Re: CFL Bulbs: Love 'Em, Hate 'Em, or Both?
Interesting .... while reading through many of the posts here I can agree on some of the inconvenient shortcomings in CFL's.
Things like the spiral types are taller than common bulbs .... needing to purchase special CFL's for use with dimmers ... hit and miss using them outdoors in very cold temperatures .... etc..
When they first came onto the market I admit to blindly jumping on the bandwagon expecting wonderful and great things from CFL's. Once things didn't always live up to my expectations I started reading .... creditable sources .... what's what with CFL's.
However .... what's more interesting are comments about the hazards with the mercury also the longevity and efficiency of the CFL's.
The mercury content seems to have raised quite a stir with folks.
Meanwhile the standard fluorescent tubes commonly found everywhere from commercial buildings to people's homes contain mercury and have been used for decades with little frenzy. These are and were disposed of with little regard and some folks can remember how cool it was to see them exploded when throwing them into the dumpster.
CFLs are safe to use in your home ..... no mercury is released when the bulbs are in use and they pose no danger when handled properly.
An extremely small amount of mercury .... an average of about 3 - 5 milligrams .... is sealed within the glass tubing ...... roughly the amount it would take to cover the tip of a ball-point pen.
By comparison :
So, people that have the manual style of thermostat in their homes to control the heating/cooling contains 600 times more mercury than a CFL ... or watch batteries that have 5 times the amount ..... with little regard for concern.
- fluorescent lamp ... 5 milligrams
- Watch battery ... 25 milligrams
- Dental amalgams ( fillings) ... 500 milligrams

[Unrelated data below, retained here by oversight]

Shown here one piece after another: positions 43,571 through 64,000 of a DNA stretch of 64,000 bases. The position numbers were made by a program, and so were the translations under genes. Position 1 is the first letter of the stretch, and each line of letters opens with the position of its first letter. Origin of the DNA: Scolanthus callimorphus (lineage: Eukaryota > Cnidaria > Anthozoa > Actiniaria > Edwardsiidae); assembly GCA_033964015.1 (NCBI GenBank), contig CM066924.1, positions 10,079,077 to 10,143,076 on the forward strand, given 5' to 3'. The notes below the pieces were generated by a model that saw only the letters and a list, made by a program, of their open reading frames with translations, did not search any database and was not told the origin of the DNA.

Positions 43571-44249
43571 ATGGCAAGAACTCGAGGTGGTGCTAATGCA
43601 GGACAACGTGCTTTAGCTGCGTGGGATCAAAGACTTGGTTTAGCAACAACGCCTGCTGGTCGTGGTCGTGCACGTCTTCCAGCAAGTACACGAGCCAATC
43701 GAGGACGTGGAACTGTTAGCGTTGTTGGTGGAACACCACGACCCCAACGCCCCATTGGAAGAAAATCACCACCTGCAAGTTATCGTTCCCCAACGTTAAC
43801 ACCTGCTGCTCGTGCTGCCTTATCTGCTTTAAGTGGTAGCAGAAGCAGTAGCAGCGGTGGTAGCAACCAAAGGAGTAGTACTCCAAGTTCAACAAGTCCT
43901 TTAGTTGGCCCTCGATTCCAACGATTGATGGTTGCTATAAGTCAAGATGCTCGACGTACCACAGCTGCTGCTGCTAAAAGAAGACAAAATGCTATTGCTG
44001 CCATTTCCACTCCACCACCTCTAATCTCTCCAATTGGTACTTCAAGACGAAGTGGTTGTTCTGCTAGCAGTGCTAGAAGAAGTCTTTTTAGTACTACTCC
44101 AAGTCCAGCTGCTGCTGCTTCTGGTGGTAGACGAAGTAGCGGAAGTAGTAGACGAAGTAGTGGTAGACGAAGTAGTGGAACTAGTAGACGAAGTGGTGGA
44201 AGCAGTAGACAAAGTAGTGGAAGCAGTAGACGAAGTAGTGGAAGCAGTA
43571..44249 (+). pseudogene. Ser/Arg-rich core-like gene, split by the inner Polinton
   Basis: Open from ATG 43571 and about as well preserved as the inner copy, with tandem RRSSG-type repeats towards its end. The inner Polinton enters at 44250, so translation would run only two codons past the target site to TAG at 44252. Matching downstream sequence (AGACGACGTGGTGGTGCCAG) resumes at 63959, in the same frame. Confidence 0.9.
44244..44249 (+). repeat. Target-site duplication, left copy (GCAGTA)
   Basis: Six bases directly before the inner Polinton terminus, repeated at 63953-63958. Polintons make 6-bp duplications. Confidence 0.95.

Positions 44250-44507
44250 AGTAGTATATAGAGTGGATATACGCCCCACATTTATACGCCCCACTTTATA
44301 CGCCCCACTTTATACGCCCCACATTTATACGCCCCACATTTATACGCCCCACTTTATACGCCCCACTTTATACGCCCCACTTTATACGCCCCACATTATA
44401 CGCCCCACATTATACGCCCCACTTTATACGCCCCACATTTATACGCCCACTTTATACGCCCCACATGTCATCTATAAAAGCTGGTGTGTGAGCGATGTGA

- Home thermometer ... 500 milligrams – 2 grams
- Float switches in sump pumps ... 2 grams
- Tilt thermostat .... 3 grams
- Electrical tilt switches and relays ... 3.5 grams
Research indicates that there is no health risk to you or your family should the bulb break as there is such a small amount of mercury in CFLs. The greatest risk is getting cut from the glass shards. However ... there are some published safety procedures that can be followed ... like opening a window and wearing gloves while cleaning up the broken bulb.... no need to call in a hazardous waste team.
As for efficiency and longevity .... CFl's have a warm up time delay. Once they reach their warm up the light output reaches peak emitting and that's when the CFL is becomes energy efficient. They will be efficient in using them for areas where they will be on for extended periods of time .... longer than the 3-5 minute warm up. In areas where they are short cycled only for a few minutes .... like a quick trip to the bathroom .... they won't benefit.
Short cycling the CFL's also reduces the life of the unit.
For example ... almost 4 years ago I purchased a 3 pack of CFL's . Two of those were installed in a bathroom and the third was installed in a light fixture on a timer which stays on for extended periods each and every day.
The 2 in the bathroom have both been replaced while the third one is still operating to this day.
The reason the 2 in the bathroom had been replaced is they are short cycled frequently whereas the third isn't.
Just some thoughts.
Last edited by canuk; 06-26-2008 at 02:39 PM.
"" an ounce of perception -- a pound of obscure "